Google, Amazon drawn into Telegram ban as Russia blocks millions of IP addresses

Russia's quest to stop encrypted messaging app Telegram also blocks thousands of Amazon, Google addresses.
Written by David Meyer, Contributor

UPDATE April 17, 7.45am PDT: The number of blocked IP addresses appears to have shot up on Tuesday, due to new ranges being added to the blacklist.

Novaya Gazeta puts the figure at 2.4 million, while Bleepingcomputer, citing additions to the blacklist made public via GitHub, now reports that a whopping 16 million addresses are blocked.

Meanwhile, Interfax reports that Roskomnadzor, the censoring agency, has been hit by three denial-of-service attacks in the past 24 hours. Interfax also states that Roskomnadzor is now blocking 18 subnets in connection with the Telegram order.

After a Moscow court last week ordered the blocking of encrypted messaging app Telegram, in a case involving the proprietors' refusal to give encryption keys to the authorities, Russian telecom regulator Roskomnadzor set about implementing the ban.

However, Telegram moved its services onto Amazon and Google's cloud infrastructure during the weekend, in an attempt to continue serving its customers.

Roskomnadzor has now ordered Russian ISPs to block 1.8 million IP addresses belonging to Amazon Web Services and Google Cloud.

According to Meduza, the Latvia-based independent Russian news site, Roskomnadzor on Monday added a series of IP blocks to its blacklist that effectively bans about 800,000 Amazon Web Services IP addresses and more than one million Google Cloud IP addresses.

See: Special report: Cybersecurity in an IoT and mobile world (free PDF)

"Roskomnadzor is taking and will take all necessary measures to comply with the court decision," the Russian state censor told ZDNet in a statement.

The regulator added that the court's decision covered not just Roskomnadzor and its ISP blacklist, but also services that could be used to circumvent the ban, such as "VPNs and proxy services".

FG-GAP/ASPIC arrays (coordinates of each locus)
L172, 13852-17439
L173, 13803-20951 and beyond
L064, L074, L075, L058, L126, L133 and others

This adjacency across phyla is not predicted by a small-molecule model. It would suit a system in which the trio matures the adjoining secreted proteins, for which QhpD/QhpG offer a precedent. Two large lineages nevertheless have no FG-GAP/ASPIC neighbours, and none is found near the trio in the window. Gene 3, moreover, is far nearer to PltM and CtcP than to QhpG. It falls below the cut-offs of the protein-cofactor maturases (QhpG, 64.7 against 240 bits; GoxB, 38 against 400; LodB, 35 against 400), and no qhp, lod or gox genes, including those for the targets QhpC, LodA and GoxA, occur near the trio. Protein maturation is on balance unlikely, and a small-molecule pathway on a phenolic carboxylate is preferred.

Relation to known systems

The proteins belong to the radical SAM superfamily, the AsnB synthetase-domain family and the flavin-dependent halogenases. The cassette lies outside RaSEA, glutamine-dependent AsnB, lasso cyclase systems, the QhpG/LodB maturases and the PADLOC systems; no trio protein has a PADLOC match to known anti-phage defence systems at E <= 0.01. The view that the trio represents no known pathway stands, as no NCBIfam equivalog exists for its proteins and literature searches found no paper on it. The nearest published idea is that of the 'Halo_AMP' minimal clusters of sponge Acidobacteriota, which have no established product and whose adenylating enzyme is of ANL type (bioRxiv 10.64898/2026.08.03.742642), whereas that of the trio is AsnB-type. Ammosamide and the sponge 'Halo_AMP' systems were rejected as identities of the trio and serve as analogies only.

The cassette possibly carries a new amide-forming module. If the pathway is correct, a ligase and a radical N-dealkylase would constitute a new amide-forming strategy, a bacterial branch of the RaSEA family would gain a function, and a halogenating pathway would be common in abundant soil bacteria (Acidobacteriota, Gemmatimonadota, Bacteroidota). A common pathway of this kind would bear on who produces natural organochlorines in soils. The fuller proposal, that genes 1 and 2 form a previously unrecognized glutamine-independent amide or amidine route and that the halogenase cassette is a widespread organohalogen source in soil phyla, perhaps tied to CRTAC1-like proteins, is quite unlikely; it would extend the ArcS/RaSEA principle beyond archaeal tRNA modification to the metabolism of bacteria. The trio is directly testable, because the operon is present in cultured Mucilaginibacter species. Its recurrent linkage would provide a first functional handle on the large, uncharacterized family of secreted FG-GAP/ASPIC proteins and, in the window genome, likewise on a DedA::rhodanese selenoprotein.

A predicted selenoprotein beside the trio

After the court issued that ruling, Telegram founder Pavel Durov said on VK.com, the Russian Facebook clone that he also founded, that Telegram would use built-in mechanisms to bypass the ban. However, he also said that "100 percent availability of the service without VPN is not guaranteed".

On Tuesday afternoon, Durov appeared defiant, saying in a VK.com post that Telegram had survived the first period of blocking in Russia.

"As the past day showed, in its war with progress, Russia's supervisory authorities are ready to block millions of IP addresses of cloud hosts without regard to the loss of extraneous projects," he said.

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The VPN provider NordVPN said in a Monday statement that it had seen a 150 percent increase in Russian user numbers after the ban was instated.

"We always see an increase of users from the countries where freedom of speech is restricted or surveillance is increased," chief marketing officer Marty Kamden said.

The Telegram ban has reportedly had an impact on Russian government officials, among whom the service has been very popular. According to Bloomberg, Kremlin officials have been forced to switch to the rival ICQ service.

ZDNet has asked Amazon and Google for comment, but had received none at the time of writing.

Previous and related coverage

Russia moves to block Telegram after encryption key denial

Telegram's lawyer told ZDNet that Russia's demand for the app's encryption keys is "unconstitutional."

After court battle, Russia finally bans Telegram app

Telegram refused to hand over its encryption keys to state authorities.

US slaps new sanctions on Russia over NotPetya cyberattack, election meddling

The FBI also warned of Russian government actors targeting the energy grid and other critical infrastructure.

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